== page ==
The addtionally income allowed for Georg Jensen to finally rent a tiny room which he would turn into his first workshop above the gateway to the most fashionable and prestigous streets in Copenhagen, Bredgade, and on April 19th, 1904, he opened his shop for the first time, and hung a small display case with a number of small silver objects beneath a small lantern at the gate's entrance. The shop itself was tiny and modest, with illustrations and sketches lying about, the necessary tools about the work table, and a young apprentice as well as a hired goldsmith assisting the young artist. Visitors stopped by more out of idle curiosity than anything else, until Autumn of 1904. It was then that he was able to display as an independent silversmith at the Museum of Decorative Arts in Copenhagen for the first time. Immediately success came, and each day orders started to grow. His stock quickly diminished and he hung a sign saying “Closed for Repairs”. The same year he remarried with Magne, born Maren Pedersen, who had been keeping house for Georg Jensen since his first wife passed away in 1897. Towards the end of the year, Magne gave birth to Vibeke, a daughter.

The first few years of the shop were exclusively devoted to the creation of jewelry, which due to practical reasons were more reasonable than larger hollowware pieces or sets of cutlery. These pieces were beautifully adorned with the Art Nouveau stylings he loved, with natural elements from his childhood, and executed as only a sculptor might, proving a culmination of his life's experiences. Especially popular at the time were hatpins, which were a necessary item of the time as women would often wear large magnificent hats which required to be affixed to the wearer's hair to prevent it falling off. These functional items were also often decorated with natural motifs and had matching knobs affixed to the sharp end. These proved especially popular for Georg Jensen and these jewelry items allowed the new “Jensen style” to spread. Typically, he would sell these pieces himself from the workshop, although salesmanship was not his strength, and kept a fairly regular routine of working until lunch, where he would routinely sit at his local cafe, eat a few homemade sandwiches, and make small sketches for his later designs. In the beginning of his popularity, he also began a small “school” for silversmithing where he attempted to instruct a number of the young girls who were enamored with Art Nouveau. Many of them gave up or showed little skill, with the exception of Inger Moller, who in 1922 would form her own workshop and go on to become a silversmith of high regard. It wasn't long till he grew tired of this and closed up the instructional classes. He also clearly recognized the talent of others and had collaborated on a number of designs, most famously the Dove Brooch, designed by Christian Mohl-Hansen, one of the most iconic Georg Jensen pieces to this day.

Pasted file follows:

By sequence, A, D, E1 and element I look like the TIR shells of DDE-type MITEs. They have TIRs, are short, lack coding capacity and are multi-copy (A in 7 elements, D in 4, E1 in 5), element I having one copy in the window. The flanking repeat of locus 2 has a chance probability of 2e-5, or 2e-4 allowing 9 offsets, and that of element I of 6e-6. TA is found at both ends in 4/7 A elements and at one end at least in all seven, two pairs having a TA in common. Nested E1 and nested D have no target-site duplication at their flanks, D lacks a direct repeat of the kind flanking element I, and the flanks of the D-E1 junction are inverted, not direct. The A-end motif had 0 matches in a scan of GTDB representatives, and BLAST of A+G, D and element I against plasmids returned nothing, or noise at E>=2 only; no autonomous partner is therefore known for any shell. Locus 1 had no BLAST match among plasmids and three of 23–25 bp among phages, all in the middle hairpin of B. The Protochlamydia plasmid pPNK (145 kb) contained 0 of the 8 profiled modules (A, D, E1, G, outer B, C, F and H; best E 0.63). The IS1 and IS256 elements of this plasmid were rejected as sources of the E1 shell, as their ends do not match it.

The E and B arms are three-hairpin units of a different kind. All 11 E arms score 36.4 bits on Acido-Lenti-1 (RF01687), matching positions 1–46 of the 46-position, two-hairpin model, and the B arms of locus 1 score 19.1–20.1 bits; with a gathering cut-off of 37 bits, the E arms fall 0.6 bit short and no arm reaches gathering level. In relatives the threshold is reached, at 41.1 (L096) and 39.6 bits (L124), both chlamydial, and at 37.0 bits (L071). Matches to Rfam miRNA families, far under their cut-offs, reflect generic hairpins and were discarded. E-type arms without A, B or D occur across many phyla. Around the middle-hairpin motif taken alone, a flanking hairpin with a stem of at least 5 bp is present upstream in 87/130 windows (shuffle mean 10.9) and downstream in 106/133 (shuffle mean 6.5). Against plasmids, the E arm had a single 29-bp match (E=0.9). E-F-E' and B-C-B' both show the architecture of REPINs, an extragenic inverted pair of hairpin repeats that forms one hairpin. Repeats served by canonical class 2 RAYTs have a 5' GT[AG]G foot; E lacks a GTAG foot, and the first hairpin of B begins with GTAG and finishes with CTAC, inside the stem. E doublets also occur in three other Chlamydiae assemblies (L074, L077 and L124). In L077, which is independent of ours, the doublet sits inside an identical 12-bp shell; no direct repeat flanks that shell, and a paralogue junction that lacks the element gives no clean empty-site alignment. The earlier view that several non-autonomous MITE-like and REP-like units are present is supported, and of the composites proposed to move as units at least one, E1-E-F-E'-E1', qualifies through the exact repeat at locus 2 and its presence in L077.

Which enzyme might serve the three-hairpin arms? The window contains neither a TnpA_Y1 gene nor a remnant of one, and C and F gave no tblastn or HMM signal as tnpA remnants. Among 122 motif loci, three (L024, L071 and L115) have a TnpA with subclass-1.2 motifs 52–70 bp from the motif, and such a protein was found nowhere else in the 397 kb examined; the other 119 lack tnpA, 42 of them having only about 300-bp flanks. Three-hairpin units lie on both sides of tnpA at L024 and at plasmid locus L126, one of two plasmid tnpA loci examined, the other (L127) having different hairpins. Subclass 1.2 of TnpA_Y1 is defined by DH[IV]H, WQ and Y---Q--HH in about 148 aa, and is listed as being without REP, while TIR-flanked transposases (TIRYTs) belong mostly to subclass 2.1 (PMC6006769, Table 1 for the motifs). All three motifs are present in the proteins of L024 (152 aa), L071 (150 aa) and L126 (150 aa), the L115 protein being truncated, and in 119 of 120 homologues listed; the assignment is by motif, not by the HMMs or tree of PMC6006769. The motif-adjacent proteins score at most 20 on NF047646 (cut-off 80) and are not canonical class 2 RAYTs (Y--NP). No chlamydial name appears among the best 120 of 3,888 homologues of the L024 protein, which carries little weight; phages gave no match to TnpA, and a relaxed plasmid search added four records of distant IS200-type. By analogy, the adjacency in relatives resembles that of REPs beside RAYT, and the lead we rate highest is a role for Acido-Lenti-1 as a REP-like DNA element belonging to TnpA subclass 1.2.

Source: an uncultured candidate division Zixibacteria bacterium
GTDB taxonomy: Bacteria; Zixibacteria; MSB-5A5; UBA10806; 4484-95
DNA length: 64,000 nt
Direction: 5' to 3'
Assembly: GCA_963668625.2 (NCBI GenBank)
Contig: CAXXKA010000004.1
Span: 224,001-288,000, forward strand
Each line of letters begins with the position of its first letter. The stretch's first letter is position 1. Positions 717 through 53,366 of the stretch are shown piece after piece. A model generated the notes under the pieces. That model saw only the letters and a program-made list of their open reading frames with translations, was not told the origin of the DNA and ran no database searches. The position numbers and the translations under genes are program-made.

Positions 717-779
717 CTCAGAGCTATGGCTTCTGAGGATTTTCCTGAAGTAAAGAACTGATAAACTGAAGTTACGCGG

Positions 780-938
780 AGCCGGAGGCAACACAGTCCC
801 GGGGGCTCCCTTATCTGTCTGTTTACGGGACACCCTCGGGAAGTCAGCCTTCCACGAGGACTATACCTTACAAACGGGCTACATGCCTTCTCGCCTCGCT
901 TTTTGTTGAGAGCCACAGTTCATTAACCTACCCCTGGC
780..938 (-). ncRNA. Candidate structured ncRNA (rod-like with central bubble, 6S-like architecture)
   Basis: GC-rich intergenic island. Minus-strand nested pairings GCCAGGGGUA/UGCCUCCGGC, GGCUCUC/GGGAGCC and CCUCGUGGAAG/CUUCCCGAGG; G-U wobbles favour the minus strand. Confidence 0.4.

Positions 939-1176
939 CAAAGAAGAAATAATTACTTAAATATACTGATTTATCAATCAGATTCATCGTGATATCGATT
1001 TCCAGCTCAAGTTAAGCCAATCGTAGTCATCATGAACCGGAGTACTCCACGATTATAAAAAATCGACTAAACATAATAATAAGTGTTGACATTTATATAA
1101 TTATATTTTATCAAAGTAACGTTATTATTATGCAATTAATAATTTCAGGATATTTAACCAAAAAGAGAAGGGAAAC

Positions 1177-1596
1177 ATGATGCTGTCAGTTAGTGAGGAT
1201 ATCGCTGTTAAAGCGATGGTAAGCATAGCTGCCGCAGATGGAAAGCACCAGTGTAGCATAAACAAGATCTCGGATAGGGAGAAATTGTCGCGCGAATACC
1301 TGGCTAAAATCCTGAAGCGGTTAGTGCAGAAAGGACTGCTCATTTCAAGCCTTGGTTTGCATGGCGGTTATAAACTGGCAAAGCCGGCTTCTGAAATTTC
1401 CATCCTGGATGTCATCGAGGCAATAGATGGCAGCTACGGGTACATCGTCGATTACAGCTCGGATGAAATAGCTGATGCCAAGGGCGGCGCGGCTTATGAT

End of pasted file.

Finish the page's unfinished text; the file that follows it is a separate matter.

Success with jewelry eventually allowed him to branch out into hollowware, but at first this was a limited run of pieces which typically sold at exhibitions. His first teapot, shown at the 1904 exhibition, was a prototype for the famous Magnolia coffee and tea service which would sell worldwide.

In 1905, Georg Jensen began to work with Johan Rohde, whom he met at the Free Exhibition years ago. Johan Rohde was an extraordinary artist of many fields, many of which he utilized for his own household needs. He was also a painter of some renown, and collected French Impressionist works before they were recognized which he hung along side his own inside his own home to which he himself was the architect and designed, not only the frames and the moldings, but the beds, cabinets, tables and chairs, inside. His need for cutlery led him to create clay models which he then approached Georg Jensen to execute in silver, whom he admired not for his style but for his incredible execution.

Rohde's personal aesthetic tastes were also before their time in a way. He preffered matte finishes and oxidations in his reliefs which were techniques Georg Jensen used, however he also kept this stringency in his actual designs, keeping design elements to a minimum, who pored over his own designs, often redone with only the smallest of changes. Georg Jensen, on the other hand, would embellish his objects often with sweeping florals, and rarely overworked his designs.

Rohde, however was so happy with Georg Jensen's execution of the requested cutlery that 2 years later, in 1907, he started working more permanently with the silversmith and cooperation and respect for each other resulted in a complimentary design style which broadened the definition of the “Jensen Style”. In 1916, Johan Rohde designed the Acorn Pattern of flatware, which has become one of the most popular of all Jensen flatware patterns. Rohde's hollowware designs also were well received and became some of the most well executed pieces in the history of the Silversmithy. They continued to work together till they both died in 1935.